Gravity between Newton and Einstein

The quest for a consistent theory of quantum gravity is one of the most important outstanding problems in theoretical physics. In the landscape of physical theories, quantum gravity sits at the corner where all the physical constants (speed of light, Newton’s and Planck’s constant) are finite. A region that is often overlooked is the nonrelativistic gravity regime. Contrary to common lore, it is becoming clear that the theory of nonrelativistic gravity is much richer than was so far appreciated, containing much more than just Newtonian gravity. Thus, this offers an entirely unexplored potential as a new route towards quantum gravity. Central to this development is the formulation of non-relativistic gravity in terms of Newton–Cartan type geometries, originally introduced by Cartan in 1923 to geometrize Newton’s law of gravitation. Moreover, a wide range of recent applications of Newton-Cartan Geometry, spanning from string theory and holography to condensed matter and biophysical systems, have spurred further interest and insights into Newton-Cartan geometry and related non-relativistic geometries.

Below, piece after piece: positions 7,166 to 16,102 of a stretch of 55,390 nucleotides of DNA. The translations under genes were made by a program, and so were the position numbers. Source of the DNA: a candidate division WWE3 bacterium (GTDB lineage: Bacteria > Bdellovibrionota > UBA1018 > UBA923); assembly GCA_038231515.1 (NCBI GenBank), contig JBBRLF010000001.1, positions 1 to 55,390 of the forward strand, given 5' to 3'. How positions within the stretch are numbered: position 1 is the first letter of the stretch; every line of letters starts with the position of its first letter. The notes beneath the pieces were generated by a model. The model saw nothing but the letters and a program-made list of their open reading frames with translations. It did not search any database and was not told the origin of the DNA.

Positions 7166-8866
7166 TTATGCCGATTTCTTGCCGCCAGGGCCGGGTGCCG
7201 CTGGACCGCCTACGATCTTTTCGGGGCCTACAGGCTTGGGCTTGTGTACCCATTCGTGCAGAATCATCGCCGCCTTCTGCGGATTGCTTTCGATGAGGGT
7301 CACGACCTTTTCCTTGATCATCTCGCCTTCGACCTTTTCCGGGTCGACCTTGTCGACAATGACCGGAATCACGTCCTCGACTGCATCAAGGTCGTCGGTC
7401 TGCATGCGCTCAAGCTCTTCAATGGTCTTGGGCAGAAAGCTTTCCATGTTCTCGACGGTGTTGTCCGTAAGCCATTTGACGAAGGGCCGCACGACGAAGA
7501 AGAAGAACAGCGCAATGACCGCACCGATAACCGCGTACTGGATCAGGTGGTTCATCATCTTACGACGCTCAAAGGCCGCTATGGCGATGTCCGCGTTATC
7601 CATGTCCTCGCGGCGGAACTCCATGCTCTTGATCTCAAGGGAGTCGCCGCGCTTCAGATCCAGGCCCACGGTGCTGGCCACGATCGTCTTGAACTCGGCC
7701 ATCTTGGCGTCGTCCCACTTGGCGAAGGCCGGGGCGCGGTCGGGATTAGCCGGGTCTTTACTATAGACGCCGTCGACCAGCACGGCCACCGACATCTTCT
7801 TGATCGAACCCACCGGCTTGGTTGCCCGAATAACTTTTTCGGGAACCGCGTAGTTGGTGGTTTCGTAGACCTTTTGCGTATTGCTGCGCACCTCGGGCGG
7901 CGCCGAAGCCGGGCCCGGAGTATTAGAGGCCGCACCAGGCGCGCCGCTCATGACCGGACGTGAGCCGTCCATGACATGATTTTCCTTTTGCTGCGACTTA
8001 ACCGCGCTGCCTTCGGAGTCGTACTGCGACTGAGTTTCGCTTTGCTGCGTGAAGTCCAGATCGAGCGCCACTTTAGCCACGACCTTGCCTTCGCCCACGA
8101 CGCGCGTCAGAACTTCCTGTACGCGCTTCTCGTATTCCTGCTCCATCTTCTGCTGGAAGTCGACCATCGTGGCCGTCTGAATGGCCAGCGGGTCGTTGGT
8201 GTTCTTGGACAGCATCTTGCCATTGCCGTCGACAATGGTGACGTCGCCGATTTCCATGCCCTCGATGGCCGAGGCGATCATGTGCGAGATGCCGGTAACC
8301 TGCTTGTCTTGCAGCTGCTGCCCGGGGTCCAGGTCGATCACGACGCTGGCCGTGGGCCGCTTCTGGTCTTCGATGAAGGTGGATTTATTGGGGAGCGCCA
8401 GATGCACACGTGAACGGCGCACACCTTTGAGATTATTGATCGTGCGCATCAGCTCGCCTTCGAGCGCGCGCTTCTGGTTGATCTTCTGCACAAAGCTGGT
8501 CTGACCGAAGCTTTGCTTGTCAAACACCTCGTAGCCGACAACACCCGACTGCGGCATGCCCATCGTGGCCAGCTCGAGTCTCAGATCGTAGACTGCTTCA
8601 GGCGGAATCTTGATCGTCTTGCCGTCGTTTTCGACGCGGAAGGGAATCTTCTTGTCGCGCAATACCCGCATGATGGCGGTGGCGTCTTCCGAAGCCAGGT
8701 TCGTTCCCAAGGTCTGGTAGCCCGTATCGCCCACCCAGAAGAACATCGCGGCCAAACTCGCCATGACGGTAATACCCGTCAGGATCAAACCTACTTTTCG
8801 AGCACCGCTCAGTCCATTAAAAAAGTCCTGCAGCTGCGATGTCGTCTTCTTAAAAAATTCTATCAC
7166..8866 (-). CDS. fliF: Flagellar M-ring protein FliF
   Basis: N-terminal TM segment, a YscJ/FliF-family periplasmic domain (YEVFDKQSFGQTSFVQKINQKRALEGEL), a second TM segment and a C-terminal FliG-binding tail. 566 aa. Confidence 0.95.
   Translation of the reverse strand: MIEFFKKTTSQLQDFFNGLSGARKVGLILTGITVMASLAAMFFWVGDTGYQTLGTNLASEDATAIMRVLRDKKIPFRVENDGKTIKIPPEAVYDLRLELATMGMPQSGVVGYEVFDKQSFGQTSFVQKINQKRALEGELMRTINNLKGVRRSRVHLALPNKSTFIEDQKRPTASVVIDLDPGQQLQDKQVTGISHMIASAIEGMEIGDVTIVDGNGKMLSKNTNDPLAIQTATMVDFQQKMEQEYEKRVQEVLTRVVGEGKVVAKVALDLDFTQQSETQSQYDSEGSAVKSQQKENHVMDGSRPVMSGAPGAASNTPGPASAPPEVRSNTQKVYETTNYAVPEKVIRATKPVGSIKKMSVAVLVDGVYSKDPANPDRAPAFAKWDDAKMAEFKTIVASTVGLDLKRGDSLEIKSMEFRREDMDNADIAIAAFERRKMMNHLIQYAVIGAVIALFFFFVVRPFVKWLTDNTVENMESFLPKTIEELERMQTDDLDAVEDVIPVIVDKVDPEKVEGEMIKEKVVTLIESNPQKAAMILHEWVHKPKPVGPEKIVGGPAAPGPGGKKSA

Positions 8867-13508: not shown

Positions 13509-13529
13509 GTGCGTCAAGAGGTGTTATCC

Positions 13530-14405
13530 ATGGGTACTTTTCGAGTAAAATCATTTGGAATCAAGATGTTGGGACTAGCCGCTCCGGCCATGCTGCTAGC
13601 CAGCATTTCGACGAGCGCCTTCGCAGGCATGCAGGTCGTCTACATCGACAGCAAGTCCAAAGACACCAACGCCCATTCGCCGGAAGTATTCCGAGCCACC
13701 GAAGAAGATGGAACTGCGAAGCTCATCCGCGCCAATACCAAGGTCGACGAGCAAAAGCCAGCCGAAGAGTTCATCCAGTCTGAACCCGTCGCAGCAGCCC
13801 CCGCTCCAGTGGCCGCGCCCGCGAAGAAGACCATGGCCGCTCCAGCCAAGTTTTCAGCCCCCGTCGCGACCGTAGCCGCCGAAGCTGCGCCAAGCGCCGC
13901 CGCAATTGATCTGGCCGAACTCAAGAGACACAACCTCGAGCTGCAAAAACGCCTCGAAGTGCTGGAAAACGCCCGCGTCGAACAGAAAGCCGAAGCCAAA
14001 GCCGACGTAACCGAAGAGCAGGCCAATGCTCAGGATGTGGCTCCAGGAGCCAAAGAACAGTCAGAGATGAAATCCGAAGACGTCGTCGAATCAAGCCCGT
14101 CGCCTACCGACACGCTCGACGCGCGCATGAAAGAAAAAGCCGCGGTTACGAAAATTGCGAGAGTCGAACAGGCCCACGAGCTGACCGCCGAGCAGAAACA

In this talk, I will present an overview of these developments and their future perspectives.